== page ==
Wednesday, March 28, 2018

Only the Brave: Under the Radar

Josh Brolin (left) in Only the Brave.

Perhaps it was the generic action-movie title that buried Only the Brave, Joseph Kosinski’s account of the Granite Mountain Hotshots, Prescott, Arizona’s firefighters. Behind that title is one of the most poignant films of last year, which I missed in theatres last fall and caught up with recently on DVD. Josh Brolin (in the best performance I’ve seen from him) plays Eric Marsh, whose exasperation with the way his uncertified crew get shunted to the side whenever official hotshots are summoned to the scene of a fire – though his expertise on the subject of managing fires has proven, over and over again, to be superior to theirs – provokes him to fights to obtain the official seal, and he succeeds. That effort takes up roughly the first half of the movie. The second half is about what happens to them after they become the Granite Mountain Hotshots. (Diehard movie buffs may recognize Prescott as the setting of Sam Peckinpah’s 1972 rodeo movie, Junior Bonner .)

Nothing in this picture feels manufactured, including Marsh’s intimate, sometimes scrappy relationship with his wife Amanda (Jennifer Connelly), a tough-shelled horse trainer who complains about the time he spends away from her and his reluctance to start a family. (They agreed not to have kids before they wed; now she feels different but he hasn’t changed his mind.) He’s a recovering alcoholic and she’s a recovering drug addict – information that the solid screenplay by Ken Nolan and Eric Warren Singer, based on Sean Flynn’s GQ article “No Exit,” offers midway through without making a big deal about it – and they’re evenly matched. When she drops off during a late-night drive and has a smash-up, he doesn’t find out about it until he comes home from work in midday and sees the damage to her car and to her face, and he’s furious that she didn’t call him immediately to let him know. Then she gets pissed: considering how dangerous his job is, how much worry he causes her on a regular basis, she thinks he has a hell of a nerve hauling her on the carpet. Connelly portrays Amanda as every bit as macho as her husband. You believe in this marriage – in their sexual compatibility as well as their fights, and their ability to come back from them closer than ever. Connelly carries off her moment of highest emotion, near the end of the picture, with an almost operatic intensity that somehow never breaks the bounds of naturalism. A risky, unrestrained performer when she gets the right material, she does such fine work here that it’s a crime no one noticed it when the movie came out.

The same is true for Miles Teller, the marvelous actor who plays Brendan McDonough in the coming-of-age plot. (It’s not a supporting role: he gets about as much screen time as Brolin.) Teller has been kicking it since he stole Rabbit Hole (2010) from Nicole Kidman with his performance as the dazed teenage boy who accidentally hit her character’s little boy – and killed him – when he ran out into the middle of the road after his dog. People should be talking about this young man (he’s thirty-one), who gave a sensational performance in 2016 as a boxer who comes back from an agonizing injury in Bleed Like This. But the only time they have was when he starred in Whiplash, where his character, a student drummer terrorized by his teacher (Oscar-winning J.K. Simmons), didn’t make basic sense. I didn’t buy anything he did in Whiplash, but it wasn’t his fault. By contrast, he’s so authentic and so understated in Only the Brave that though you’ve seen this kind of story before, nothing in it feels familiar. Brendan is a screw-up with a drug problem who decides to turn his life around when his girlfriend (Natalie Hall) tells him she’s pregnant just before breaking up with him. Though the other firefighters look down on him, Marsh sees his own younger self in Brendan and takes him on, letting him earn his place in the crew. Teller’s approach is never to push; you see who this character is by looking at his face, which suppresses his feelings so others can’t read them but leaves enough traces for us to – furrows in his cheeks and under his eyes, flickers of determination and hope and fear.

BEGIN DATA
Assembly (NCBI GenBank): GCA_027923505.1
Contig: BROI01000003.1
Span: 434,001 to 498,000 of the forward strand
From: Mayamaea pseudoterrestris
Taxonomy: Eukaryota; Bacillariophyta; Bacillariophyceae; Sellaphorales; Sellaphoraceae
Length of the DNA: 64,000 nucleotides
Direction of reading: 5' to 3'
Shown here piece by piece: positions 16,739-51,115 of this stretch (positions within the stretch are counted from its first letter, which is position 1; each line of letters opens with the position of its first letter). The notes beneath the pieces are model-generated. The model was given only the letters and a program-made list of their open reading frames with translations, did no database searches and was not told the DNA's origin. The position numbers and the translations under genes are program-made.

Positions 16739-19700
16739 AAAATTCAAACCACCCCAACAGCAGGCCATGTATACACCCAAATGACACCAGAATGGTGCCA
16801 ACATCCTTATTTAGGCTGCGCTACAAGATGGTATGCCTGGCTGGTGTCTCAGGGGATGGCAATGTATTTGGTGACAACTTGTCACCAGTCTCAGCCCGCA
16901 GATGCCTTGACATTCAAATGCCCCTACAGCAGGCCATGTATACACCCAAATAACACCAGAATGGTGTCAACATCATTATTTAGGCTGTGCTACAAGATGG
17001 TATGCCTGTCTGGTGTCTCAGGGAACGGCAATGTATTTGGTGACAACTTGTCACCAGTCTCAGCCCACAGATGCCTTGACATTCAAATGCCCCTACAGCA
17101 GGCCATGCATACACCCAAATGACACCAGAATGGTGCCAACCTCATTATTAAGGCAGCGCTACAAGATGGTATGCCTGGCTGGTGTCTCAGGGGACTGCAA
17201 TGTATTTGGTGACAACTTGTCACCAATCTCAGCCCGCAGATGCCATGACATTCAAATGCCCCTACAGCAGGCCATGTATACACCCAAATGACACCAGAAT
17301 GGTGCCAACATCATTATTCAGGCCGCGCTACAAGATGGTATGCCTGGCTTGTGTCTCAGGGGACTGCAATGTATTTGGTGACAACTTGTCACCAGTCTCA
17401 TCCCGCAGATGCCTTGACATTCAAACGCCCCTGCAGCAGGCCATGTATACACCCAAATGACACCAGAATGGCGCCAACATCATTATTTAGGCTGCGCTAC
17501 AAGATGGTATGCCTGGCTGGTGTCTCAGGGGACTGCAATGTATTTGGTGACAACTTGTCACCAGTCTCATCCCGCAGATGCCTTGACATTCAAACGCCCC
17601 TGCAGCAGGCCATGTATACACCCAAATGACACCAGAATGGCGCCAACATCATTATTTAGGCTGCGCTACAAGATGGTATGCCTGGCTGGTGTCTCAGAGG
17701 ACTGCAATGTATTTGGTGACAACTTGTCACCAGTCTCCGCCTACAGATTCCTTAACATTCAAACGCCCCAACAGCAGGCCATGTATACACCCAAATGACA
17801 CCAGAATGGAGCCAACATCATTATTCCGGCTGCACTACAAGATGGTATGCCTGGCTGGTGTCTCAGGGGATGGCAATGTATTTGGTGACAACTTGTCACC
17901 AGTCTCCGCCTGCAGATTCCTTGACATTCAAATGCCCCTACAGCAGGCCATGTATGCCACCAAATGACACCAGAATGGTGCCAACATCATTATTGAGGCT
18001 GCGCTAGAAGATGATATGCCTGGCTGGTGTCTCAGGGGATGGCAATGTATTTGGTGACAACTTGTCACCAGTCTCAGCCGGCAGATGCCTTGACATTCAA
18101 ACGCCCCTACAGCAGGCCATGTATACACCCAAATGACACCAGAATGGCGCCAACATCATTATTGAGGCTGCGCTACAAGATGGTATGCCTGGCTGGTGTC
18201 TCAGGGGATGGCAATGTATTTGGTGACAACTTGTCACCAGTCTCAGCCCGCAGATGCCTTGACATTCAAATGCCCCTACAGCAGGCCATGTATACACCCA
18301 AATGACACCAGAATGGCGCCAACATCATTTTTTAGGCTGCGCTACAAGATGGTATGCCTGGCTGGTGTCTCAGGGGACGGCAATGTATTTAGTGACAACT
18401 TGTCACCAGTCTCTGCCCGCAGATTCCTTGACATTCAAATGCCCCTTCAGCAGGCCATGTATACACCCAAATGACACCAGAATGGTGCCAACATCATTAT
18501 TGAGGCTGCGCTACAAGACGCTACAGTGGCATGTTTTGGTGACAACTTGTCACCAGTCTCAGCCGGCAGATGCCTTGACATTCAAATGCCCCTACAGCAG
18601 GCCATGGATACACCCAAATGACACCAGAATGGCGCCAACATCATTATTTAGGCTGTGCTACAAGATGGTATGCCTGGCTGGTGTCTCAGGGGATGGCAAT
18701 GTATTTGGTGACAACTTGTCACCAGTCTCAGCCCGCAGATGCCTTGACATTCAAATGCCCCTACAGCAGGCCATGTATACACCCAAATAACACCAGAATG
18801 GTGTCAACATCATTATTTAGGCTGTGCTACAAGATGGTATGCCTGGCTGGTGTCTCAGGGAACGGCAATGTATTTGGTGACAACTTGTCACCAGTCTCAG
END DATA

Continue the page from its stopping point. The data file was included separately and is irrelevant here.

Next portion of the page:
The performances are beautiful straight down the line. Jeff Bridges is Prescott’s mayor, Duane Steinbrink, an old friend and mentor of Eric’s (unless I missed something, the script doesn’t spell it out, but it’s clear that Steinbrink is his AA sponsor), and Andie McDowell is his wife Marvel. James Badge Dale is Jesse Steed, Marsh’s second in command. And Taylor Kitsch from Friday Night Lights, who could be his generation’s Brando with luck and the right roles, is the jocular Chris McKenzie, who starts out as Brendan’s most vocal opponent and winds up his roommate and best friend.

I’d never heard of Joseph Kosinski, so I looked him up and found that his only previous features were TRON: Legacy and Oblivion, neither of which I’ve seen. Somewhere along the way he learned how to direct actors, how to shape action sequences, and how to tell a story rich in feeling. Only the Brave builds to a staggering conclusion that brings you to your knees. I couldn’t get it out of my head for days afterwards.

– Steve Vineberg is Distinguished Professor of the Arts and Humanities at College of the Holy Cross in Worcester, Massachusetts, where he teaches theatre and film. He also writes for The Threepenny Review and is the author of three books: Method Actors: Three Generations of an American Acting StyleNo Surprises, Please: Movies in the Reagan Decade; and High Comedy in American Movies.

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